• Saturday, December 02, 2023
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Language and logical argumentation


Language can be said to be the biggest human possession. It, for this reason, has a role in every aspect of human existence, including thought processes and presentations. This piece will shed light on what it means to argue and how language surfaces in different argumentation patterns.

For a start, it is important to note that an argument is not only an exchange (which is usually a heated or an angry one) of divergent or opposite views. Argument could also mean the act of giving reasons in support of an idea, an action or a theory. A term closely used with argument is fallacy. Fallacy is sourced from the Latin word, fallor, which means an error in reasoning that leads to deception in one’s argument. When the reason(s) provided for a conclusion is/are faulty or erroneous, then such a conclusion is said to be fallacious. The subsequent parts of this piece will explore few logic-related fallacies and how these reflect in people’s linguistic choices, as well as language-related fallacies.

First off, argumentum ad baculum, which is also known as swinging the big stick, occurs when one applies force or intimidation to get others to obey one or accept one’s opinions. This fallacy results in differences, commotion and even a threat of war at the international level. The fallacy comes to play when rational arguments have failed. Expressions which convey this fallacy usually mar relationships, and they include:

If I am the head of this family, that is what we are going to do.

When I return and you are not in this house, you will be dead.

Read Also: Writing and the economy of language

In the first sentence, the application of reasoning will show that having one’s decision upheld because one is the head of a family suggests force rather than reason. This is, therefore, a speaking manner to be avoided by anyone who is mindful of his or her dignity.

Another form of fallacy is argumentum ad hominem, which is also called the smear technique. It is in use when a person attacks other people’s personalities or situations, instead of focusing on the proposition. If you like to remind people that you are not their mate, or that you are too knowledgeable to argue with them, then you commit the fallacy of smear technique. This is because age is not a tenable or logical reason for any conclusion. This fallacy is, most times, an indication of low self-esteem or an inferiority complex. Two more fallacies to mention in the category of logic are argumentum ad misericordiam and argumentum ad populum.

Argumentum ad misericordiam is often used deliberately by people to sway others to a particular line of thought by appealing to the latter’s emotions of pity and sympathy. It is usually deployed to achieve a favourable conclusion or a desired course of action. This fallacy can be exemplified with expressions such as:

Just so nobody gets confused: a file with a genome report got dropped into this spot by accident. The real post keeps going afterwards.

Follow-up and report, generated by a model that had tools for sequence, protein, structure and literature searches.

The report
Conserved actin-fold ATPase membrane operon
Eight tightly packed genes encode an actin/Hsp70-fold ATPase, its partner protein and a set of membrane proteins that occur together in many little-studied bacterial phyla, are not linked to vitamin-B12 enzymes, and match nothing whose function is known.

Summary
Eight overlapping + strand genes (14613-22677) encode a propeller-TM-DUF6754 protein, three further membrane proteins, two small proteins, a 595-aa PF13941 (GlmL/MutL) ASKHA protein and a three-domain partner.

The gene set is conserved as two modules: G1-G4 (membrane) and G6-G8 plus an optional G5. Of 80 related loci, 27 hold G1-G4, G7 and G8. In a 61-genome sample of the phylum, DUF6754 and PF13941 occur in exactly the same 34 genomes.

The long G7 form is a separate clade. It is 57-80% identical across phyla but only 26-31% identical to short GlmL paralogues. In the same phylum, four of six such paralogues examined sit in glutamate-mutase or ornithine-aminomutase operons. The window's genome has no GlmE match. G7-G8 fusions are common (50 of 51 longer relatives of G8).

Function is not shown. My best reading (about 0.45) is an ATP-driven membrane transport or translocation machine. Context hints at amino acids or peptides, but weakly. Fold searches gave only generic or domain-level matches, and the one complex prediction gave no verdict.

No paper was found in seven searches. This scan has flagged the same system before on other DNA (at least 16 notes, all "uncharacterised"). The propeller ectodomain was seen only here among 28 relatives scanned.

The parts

He had no shoes while growing up; he should make a good leader.

He had only two houses as a former president; he will make a good leader.

These statements have served as appeal strategies in time past in the Nigerian polity. Such expressions are deployed to attract support without presenting concrete plans. Such a fallacy must be avoided by anyone who is mindful of his or her integrity. Argumentum ad populum is also referred to as the snob appeal or appeal to the people. In this fallacy, people or numbers are made to stand in place of reason. Some sentences exemplifying this fallacy are:

This is the people’s party.

Successful people patronise our product.

One tends to ask if the other party or parties are for animals, or if the other products are for the failed people. In all, it should be noted that anyone who wishes to use language with sincerity, openness and fairness has to avoid this fallacy.

At the level of language-related fallacy, this piece will discuss amphiboly and figura dictions. Amphiboly is caused by ambiguity in sentence constructions, which results in an unclear proposition. This happens when words are not properly selected, thereby resulting in multiple interpretations or loss of meanings. An example is the sentence, ‘Women are weak’. One wonders if, by this, the writer means being physically or emotionally or sexually or professionally weak. It can also be asked if all women are weak. Such a language error is considered a fallacy. Figura dictions, also called figures of speech, can likewise be a source of fallacy. They create confusions deriving from words which are deemed to be similar in sound structures. Examples of such words in pairs are: illicit-elicit, eligible-illegible, accent-assent and whatnot. In fact, an undergraduate student once lost out on a scholarship for confusing the criterion of being indigent with that of being an indigene. It is pertinent to pay attention to the articulation and meaning of words.

In summary, since language clothes our thoughts, this piece has established the link between argumentation patterns and language use. Language is, therefore, the torch with which speakers and writers can evaluate and critique their thought processes.